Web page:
But First, Let Me Take A #GymSelfie

by Charlene Flanagan
As I write this article, I see that there are over 8.6 million posts with the #GymSelfie tag on Instagram. Let's not even attempt to add the number on Twitter and Facebook. 

Welcome to the year 2016. In our selfie-obsessed world, we spend more time pulling a duck/fish face than actually carrying out the task at hand. Furthermore, the #GymSelfie is hardly ever a true representation of what a person looks like when they're actually working out—sweat-laden, limp hair, and pit stains! 

Most #GymSelfies seem to feature people with perfectly slick hair and their booty aiming at the camera, or someone posing in a manner that's befitting an Equinox gym ad, at best.

Whether you choose to take a #gymselfie or not, this rather fascinating activity does have its pros and cons. Let's review.

Could Selfies Help You Lose Weight?

Breathe in, grab that dumbbell, and pucker up for your #gymselfie. According to new research by the University of Alicante in Colombia, gym goers' full-body photos and waist-to-hip ratio were the biggest motivators to sticking to their weight-loss program. The fact remains, seeing is believing, and when participants began to notice a difference in their physicality and track changes in their bodies, they were motivated to keep going. So maybe a #GymSelfie will help you to stay motivated. Better get your gear together. Read more about our favorite fashion finds.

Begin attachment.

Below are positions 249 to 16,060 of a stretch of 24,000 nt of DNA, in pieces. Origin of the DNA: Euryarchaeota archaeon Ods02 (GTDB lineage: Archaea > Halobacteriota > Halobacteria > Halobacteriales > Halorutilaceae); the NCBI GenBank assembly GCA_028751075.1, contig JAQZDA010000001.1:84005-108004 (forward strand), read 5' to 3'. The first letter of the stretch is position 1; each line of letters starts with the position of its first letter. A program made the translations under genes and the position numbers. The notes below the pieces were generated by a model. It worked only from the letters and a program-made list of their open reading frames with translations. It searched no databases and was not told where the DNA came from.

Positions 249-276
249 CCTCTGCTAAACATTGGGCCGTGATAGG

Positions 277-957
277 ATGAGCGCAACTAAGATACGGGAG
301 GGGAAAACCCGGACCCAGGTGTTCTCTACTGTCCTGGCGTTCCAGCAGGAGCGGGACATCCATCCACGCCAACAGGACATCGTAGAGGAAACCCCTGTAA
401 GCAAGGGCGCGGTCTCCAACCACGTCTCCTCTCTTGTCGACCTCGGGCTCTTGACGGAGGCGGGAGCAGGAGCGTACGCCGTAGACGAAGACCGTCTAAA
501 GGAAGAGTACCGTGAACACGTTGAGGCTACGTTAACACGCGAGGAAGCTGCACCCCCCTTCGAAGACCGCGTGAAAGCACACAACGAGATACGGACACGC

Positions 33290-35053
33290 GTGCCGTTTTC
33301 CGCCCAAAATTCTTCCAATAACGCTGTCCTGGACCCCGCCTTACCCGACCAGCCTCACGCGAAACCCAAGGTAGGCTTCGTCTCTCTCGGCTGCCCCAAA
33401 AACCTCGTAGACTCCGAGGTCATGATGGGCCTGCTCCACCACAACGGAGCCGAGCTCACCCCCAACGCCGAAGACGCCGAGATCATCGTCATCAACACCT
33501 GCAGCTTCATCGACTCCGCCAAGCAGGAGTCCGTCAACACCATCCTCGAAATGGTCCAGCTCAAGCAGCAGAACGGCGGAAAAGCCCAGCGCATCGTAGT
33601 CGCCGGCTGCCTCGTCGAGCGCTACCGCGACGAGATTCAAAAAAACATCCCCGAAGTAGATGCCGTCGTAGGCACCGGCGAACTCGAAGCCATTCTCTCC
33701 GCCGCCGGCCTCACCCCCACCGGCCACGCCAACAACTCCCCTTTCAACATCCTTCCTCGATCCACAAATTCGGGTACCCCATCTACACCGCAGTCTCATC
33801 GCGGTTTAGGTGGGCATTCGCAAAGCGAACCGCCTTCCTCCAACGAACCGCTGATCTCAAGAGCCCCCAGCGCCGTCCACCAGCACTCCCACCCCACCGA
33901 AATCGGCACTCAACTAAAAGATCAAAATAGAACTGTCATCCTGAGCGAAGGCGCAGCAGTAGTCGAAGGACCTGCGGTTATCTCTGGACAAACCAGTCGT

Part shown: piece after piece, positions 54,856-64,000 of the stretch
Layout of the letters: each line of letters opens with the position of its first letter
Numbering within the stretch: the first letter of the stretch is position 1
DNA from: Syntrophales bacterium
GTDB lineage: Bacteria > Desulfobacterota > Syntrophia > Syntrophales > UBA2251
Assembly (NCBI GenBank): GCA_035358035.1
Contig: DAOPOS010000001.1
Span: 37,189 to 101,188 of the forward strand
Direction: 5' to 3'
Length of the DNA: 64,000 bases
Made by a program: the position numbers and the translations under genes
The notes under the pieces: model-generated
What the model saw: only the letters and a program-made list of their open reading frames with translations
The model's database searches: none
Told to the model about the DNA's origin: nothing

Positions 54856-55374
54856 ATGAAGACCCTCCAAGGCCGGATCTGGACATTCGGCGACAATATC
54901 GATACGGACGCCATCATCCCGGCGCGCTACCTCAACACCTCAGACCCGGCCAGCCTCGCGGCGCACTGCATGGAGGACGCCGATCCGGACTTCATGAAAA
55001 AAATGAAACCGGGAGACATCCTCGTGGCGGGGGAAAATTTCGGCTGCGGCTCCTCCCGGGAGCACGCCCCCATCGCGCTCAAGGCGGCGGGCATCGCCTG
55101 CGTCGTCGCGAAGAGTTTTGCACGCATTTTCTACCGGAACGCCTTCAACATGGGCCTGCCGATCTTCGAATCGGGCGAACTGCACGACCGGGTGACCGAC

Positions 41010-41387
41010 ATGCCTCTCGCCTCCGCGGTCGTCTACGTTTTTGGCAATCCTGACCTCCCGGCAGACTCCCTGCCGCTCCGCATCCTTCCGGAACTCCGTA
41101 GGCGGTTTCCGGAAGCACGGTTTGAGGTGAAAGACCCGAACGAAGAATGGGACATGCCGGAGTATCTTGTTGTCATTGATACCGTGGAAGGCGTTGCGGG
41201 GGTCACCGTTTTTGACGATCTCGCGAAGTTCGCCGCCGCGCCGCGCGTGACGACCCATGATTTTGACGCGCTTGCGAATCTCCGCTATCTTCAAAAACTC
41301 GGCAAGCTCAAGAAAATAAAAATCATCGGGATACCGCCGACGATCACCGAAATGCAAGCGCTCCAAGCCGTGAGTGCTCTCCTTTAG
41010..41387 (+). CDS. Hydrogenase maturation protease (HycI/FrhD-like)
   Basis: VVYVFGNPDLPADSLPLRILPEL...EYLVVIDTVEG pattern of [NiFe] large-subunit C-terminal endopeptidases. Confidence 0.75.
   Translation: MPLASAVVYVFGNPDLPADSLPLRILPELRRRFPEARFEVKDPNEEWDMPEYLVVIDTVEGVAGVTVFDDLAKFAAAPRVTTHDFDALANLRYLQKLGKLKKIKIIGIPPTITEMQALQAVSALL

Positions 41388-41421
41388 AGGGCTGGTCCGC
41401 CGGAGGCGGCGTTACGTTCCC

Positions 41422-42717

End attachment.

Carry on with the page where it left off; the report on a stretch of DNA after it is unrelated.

We're all about maintaining a balance, and with the positives, come the negatives. Here's how your mandatory selfie can be detrimental.


The Truth No One Speaks About

If you're someone who cringes at something like #sweatyselfie or #fitspiration, it could be that #Fitspiration posts have an adverse effect on you. Those pictures make you feel body conscious, which can be extremely destructive to your relationship with food, body acceptance, and body image.

The fact remains, #Fitspiration posts aren’t always inspiring. The envied #thighgap, #bikinibridge or #waisttrainers are unfounded gimmicks that endorse all the wrong things. Also, remember that no one is projecting their true image. With Instagram filters, croppping, Photoshop and mobile editing apps, seeing should no longer be believing. Remember that before you bubble over with envy and insecurity the next time that you see your bff's #gymselfie.

Are We Becoming Narcissists?!

While too many selfies can have a negative impact on people with serious body image issues, the negativity is not limited to those with low self-esteem alone. Apparently, if a person cannot refrain from posting a #gymselfie, they could be dealing with some serious psychological issues. According to research conducted at Brunel University, people who cannot stop discussing their weight loss progress or increasing levels of fitness are considered textbook narcissists. Narcissism is a psychological abnormality in which an individual believes that the world revolves around them. Instagram likes and comments inflate their ego, and they thrive on that attention. So, yes, you could just be going mental! (No offense.)

In the end, the truth is that there’s nothing wrong in tracking one’s weight-loss progress, but the whole world doesn't need your daily updates. For those who share your enthusiasm, these nuggets of information might serve as healthy competition and you're better off finding them on weight-loss blogs, groups, and web programs. And if you love sharing your gym journey with the world on Instagram, don't let it become your whole workout!
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